In ions, resonance and electron delocalization occurs to “distribute” the charge around.
In molecules, resonance and electron delocalization occurs in aromatic rings and conjugated double bonds. Bond length is the average distance between the two nuclei of atoms in a bond. As the number of shared electron pairs increases, the two atoms are pulled closer together, resulting in a decrease in bond length. Thus, for a given pair of atoms, a triple bond is shorter than a double bond, which is shorter than a single bond. Bond energy is the energy required to break a bond by separating its components into their isolated, gaseous atomic states. The greater the number of pairs of electrons shared between the atomic nuclei, the more energy is required to break the bonds holding the atoms together. Thus, triple bonds have the greatest bond energy, and single bonds have the lowest bond energy. By convention, the greater the bond energy is, the stronger the bond. Multiple bonding decreases bond length but increases bond energy. Multiple bonding increases rigidity in molecular structure. Single bonds can rotate, but double and triple bonds can’t. Even partial double bonds like those found in the peptide bond prevents free rotation.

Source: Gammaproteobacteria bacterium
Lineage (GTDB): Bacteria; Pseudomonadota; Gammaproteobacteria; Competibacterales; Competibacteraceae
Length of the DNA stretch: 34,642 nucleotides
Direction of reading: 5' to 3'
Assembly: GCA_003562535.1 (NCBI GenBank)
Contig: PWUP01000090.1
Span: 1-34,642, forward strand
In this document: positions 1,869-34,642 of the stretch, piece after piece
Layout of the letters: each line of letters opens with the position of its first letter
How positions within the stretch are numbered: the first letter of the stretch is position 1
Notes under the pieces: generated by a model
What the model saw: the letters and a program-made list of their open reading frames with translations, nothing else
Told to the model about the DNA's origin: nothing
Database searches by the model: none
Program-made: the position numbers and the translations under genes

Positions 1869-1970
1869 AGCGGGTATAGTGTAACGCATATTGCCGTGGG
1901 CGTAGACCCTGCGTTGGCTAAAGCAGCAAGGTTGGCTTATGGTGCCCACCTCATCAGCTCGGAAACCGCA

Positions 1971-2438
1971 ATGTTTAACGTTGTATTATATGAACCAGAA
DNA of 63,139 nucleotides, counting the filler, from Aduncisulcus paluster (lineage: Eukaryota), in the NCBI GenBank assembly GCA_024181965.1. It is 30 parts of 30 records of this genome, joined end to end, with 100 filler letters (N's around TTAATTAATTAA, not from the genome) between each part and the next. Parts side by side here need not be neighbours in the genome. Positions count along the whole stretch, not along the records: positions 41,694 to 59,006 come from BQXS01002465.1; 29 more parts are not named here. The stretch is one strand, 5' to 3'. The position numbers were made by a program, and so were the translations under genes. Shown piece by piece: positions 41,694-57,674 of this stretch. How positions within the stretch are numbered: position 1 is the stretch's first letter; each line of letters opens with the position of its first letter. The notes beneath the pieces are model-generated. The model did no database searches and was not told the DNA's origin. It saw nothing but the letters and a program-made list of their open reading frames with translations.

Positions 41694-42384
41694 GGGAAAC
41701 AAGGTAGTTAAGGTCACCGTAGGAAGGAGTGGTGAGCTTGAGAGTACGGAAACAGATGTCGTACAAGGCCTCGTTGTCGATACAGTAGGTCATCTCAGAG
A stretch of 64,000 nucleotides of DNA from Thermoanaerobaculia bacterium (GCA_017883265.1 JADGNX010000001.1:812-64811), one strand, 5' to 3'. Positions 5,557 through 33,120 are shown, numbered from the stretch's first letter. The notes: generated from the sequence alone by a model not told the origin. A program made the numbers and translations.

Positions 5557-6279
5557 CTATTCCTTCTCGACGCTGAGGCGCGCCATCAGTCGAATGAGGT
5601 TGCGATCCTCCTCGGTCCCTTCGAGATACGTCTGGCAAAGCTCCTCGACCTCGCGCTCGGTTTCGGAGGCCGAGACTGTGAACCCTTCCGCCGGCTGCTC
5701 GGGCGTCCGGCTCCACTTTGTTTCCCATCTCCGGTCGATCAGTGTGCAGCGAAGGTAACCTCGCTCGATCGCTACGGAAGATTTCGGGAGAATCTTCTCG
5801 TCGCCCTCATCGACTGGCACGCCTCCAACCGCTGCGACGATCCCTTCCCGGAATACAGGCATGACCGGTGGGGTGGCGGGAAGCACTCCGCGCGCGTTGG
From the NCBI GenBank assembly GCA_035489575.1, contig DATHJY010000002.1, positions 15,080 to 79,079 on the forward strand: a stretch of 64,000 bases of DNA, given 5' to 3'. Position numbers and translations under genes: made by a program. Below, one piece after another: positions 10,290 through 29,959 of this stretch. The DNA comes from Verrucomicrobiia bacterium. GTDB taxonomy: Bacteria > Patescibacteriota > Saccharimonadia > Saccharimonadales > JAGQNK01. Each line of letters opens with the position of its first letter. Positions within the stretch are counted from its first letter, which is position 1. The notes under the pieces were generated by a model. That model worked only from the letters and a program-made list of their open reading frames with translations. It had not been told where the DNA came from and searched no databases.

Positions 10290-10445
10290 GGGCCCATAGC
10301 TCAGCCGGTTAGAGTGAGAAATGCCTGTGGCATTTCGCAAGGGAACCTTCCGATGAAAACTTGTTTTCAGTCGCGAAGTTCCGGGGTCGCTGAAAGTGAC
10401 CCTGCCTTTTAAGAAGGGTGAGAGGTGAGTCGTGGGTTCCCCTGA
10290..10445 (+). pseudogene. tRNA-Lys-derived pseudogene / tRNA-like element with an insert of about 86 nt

Isomers are molecules which possess the same molecular formula but have different structural formula. The type and number of atoms are the same but their orientation or shape are different. Structural (constitutional) isomers have the same molecular formula, but different connectivity. Positional isomers have structural isomers that have the same functional groups positioned differently.3
Functional isomers have structural isomers that have different functional groups.
Geometric isomers have the same molecular formula, same connectivity, but have different orientation across a double bond. When both sides of the double bond contains the same 2 groups, then cis and trans is used. Cis means same side while trans means opposite sides. When different groups are attached to either side, Z and E is used. Z is when the higher priority groups are orientated on the same side across the double bond while E is when the higher priority groups are orientated on different sides across the double bond.3